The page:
Philly Police are almost out of the Roundhouse and into their new headquarters: The old Inquirer building
During a tour for media members Thursday night, city officials showed off a building that retained some signs of the Inquirer, but has been largely transformed into a new office space.
Goodbye, Tower of Truth.
Hello, Tower of Power.
After more than four years and $280 million, the Philadelphia Police Department is almost entirely moved into its newly renovated headquarters: the stately former Inquirer building on North Broad Street.
The 340-foot beaux arts building — colloquially known as the Tower of Truth when it housed the city’s ambitious broadsheet and its feisty tabloid sibling, the Daily News — had been showing its age years before the shrinking newspapers decamped in 2012 for a more modest Market Street home.
But the refurbished tower has been stripped of its fading white paint and is now clean ivory brick. The unique globe chandelier in the main lobby has been restored and re-hung. The bells in the clock tower were fixed up to chime on the hour. And the large space inside, once home to rumbling printing presses and hundreds of muckraking reporters and editors and press workers, is now a maze of clinical workspaces for detectives, police brass, and patrol officers. It also house the city morgue.
“I think it’s a major accomplishment for the city,” said Andrew Brown, a project manager for Talson Solutions who helped oversee the building’s transformation. He guided media members Thursday night on a tour of the facility, officially known as the Philadelphia Public Safety Building.
Brown said the renovation was a “full gut job,” with new electrical, plumbing, and lighting systems installed, in addition to refurbishing, or repurposing, 460,000 square feet of space. About 85% of that space — the basement through the seventh floor — will actually be used, he said, and when fully occupied, the building will accommodate about 1,200 employees.
The eighth through the 18th floors, in the narrower portion of the wedding-cake-shaped tower, have been refurbished but remain unused, he said. That includes a 12th-floor office and apartment once used by former Inquirer owner Walter Annenberg.
Many staffers have already moved in over the last several months, including the police commissioner and her deputies; detectives from several units, including homicide and nonfatal shootings; and two police districts that cover portions of Center City.
The Medical Examiner’s Office has also moved into the third floor. And the 911 call center will eventually occupy what was once The Inquirer’s second-floor newsroom. The mezzanines that had previously overlooked that cavernous, two-story space have since been sealed over with blue drywall, and the call center was not part of the tour.
There were some reflections of the original tenant visible while walking through the building, including an Inquirer and Daily News directory in the historic lobby, which Brown said was restored to retain the grand look it would have had when the building debuted in 1925.
Much of the building that was shown to the press during the tour, however, appeared new and disorientingly similar by floor, with long corridors of black-and-white tile flooring leading to a series of workspaces with gray cubicles fit for any modern office.
One new installation stuck out: A large police shield hanging from the ceiling of a new portion of the ground-floor entrance, which is covered in 1,400 police badges and messages of justice.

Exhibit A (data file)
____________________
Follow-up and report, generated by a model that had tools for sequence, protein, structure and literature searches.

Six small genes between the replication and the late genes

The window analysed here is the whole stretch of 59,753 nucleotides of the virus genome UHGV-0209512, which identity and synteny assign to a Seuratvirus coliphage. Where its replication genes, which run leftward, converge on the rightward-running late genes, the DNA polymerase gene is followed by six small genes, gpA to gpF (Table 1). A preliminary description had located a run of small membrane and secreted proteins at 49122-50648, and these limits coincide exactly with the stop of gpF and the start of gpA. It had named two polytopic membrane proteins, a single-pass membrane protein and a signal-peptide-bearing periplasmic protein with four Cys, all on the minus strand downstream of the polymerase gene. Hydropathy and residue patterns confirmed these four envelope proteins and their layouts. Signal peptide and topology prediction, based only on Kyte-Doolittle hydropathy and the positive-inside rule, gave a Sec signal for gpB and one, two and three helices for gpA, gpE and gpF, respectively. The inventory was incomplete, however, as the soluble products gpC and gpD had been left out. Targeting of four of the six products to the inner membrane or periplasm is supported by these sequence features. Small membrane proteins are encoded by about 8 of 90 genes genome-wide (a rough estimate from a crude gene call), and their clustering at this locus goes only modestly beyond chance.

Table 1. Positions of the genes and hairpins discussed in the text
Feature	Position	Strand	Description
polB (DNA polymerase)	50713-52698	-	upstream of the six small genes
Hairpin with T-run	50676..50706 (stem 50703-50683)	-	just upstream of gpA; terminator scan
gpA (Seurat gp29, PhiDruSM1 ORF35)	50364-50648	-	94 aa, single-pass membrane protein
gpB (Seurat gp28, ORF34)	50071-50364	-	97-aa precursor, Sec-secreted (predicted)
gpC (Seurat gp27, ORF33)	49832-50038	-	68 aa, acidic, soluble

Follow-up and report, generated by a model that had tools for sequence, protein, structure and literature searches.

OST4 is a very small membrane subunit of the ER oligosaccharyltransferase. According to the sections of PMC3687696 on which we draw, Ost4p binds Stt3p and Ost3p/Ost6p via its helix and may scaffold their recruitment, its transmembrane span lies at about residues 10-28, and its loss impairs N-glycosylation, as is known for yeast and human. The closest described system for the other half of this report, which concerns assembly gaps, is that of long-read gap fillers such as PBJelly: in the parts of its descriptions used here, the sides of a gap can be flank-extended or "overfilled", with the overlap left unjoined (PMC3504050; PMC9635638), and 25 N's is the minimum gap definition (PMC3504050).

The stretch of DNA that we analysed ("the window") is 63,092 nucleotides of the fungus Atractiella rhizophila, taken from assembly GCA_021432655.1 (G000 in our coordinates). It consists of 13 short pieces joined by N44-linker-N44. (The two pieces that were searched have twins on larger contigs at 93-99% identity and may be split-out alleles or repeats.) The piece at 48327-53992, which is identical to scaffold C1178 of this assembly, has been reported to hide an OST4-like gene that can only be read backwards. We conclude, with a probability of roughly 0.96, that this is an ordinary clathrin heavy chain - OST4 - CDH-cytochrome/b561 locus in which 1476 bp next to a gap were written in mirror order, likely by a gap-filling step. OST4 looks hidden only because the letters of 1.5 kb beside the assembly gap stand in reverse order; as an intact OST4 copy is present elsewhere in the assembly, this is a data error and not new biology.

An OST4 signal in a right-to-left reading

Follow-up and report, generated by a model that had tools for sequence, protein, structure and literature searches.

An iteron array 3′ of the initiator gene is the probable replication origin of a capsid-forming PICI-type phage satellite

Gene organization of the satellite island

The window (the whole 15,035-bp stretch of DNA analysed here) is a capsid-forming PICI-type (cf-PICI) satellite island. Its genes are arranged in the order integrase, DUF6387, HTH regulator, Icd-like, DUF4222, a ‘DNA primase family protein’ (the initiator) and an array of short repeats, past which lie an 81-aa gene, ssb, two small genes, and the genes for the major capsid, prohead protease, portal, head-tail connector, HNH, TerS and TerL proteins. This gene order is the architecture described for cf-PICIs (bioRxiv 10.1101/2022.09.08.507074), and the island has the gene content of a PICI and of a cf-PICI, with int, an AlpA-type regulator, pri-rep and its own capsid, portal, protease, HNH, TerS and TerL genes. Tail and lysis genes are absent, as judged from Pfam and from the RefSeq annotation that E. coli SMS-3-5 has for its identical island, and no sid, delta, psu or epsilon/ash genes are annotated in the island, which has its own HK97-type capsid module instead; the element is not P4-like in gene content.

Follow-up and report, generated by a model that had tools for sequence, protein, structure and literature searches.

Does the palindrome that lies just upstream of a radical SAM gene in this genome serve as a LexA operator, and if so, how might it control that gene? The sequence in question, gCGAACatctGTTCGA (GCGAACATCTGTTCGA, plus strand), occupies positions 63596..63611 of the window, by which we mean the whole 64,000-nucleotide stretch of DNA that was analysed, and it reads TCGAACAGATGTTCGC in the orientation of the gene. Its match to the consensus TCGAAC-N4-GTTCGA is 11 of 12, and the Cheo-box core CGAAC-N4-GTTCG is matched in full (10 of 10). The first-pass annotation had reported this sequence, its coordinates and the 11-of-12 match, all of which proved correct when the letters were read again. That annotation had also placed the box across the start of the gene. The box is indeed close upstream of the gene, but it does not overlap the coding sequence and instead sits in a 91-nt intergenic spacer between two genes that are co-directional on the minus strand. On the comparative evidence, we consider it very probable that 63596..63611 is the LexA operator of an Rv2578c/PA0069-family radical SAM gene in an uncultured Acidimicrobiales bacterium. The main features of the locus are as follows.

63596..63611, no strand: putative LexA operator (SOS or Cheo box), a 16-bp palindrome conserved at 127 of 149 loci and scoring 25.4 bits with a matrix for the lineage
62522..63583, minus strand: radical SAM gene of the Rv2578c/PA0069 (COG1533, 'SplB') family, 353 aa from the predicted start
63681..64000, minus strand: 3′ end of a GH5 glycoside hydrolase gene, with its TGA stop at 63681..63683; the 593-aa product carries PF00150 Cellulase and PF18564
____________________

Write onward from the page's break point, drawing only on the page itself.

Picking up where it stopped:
For the Police Department, the new digs at 400 N. Broad are a far cry from the handcuff-shaped concrete slab known as the Roundhouse, the force’s headquarters at Seventh and Race Streets since the 1960s.
Cops had long joked that that building had been outdated from the moment it opened. The lighting was dim and quarters were cramped. File boxes were stacked throughout the curved hallways and the elevators often broke. Decaying walls invited unexpected guests, such as roaches and ants.
And for some city residents, the building’s drab, brutalist style came to symbolize a department often associated throughout the years with misconduct or violence.
Ed Rendell, the city’s former district attorney and mayor, said in an interview that his first job out of law school in 1968 was working an overnight shift in the Roundhouse as a prosecutor in arraignment court — “the lowest assignment” there was.
His memories of the place didn’t improve much over time, he said: “Whenever I went down to the Roundhouse as the mayor or DA, something bad had happened.”
Former Commissioner Sylvester Johnson, however, said he had generally fond memories of his 20 years in the building, first as a corporal, and later a homicide detective, deputy commissioner, and ultimately top cop.
“People took it as a privilege to be assigned to Police Headquarters,” Johnson said. “I enjoyed every minute of it.”
The city’s search to replace the Roundhouse began in 2014, under then-Mayor Michael Nutter, when City Council approved plans to rehabilitate the former Provident Mutual Life Insurance Co. building at 46th and Market Streets in West Philadelphia. But Mayor Jim Kenney’s administration scrapped those plans three years later, saying the project was proving expensive and wouldn’t be an ideal fit for police.
The city lost $42 million on that move.
In 2017, the Kenney administration said it had agreed instead to move the new headquarters into the old newspaper tower, which officials said had more space to house additional functions such as two police districts and a dispatch center.
The total cost to taxpayers to reoutfit the Inquirer building was just over $280 million.
Some officers say they appreciate a 21st-century workspace, while others have lamented leaving behind a building with its own form of battered charm.
Johnson, the former commissioner, said everyone would adapt in time.
“Everything comes to an end,” he said.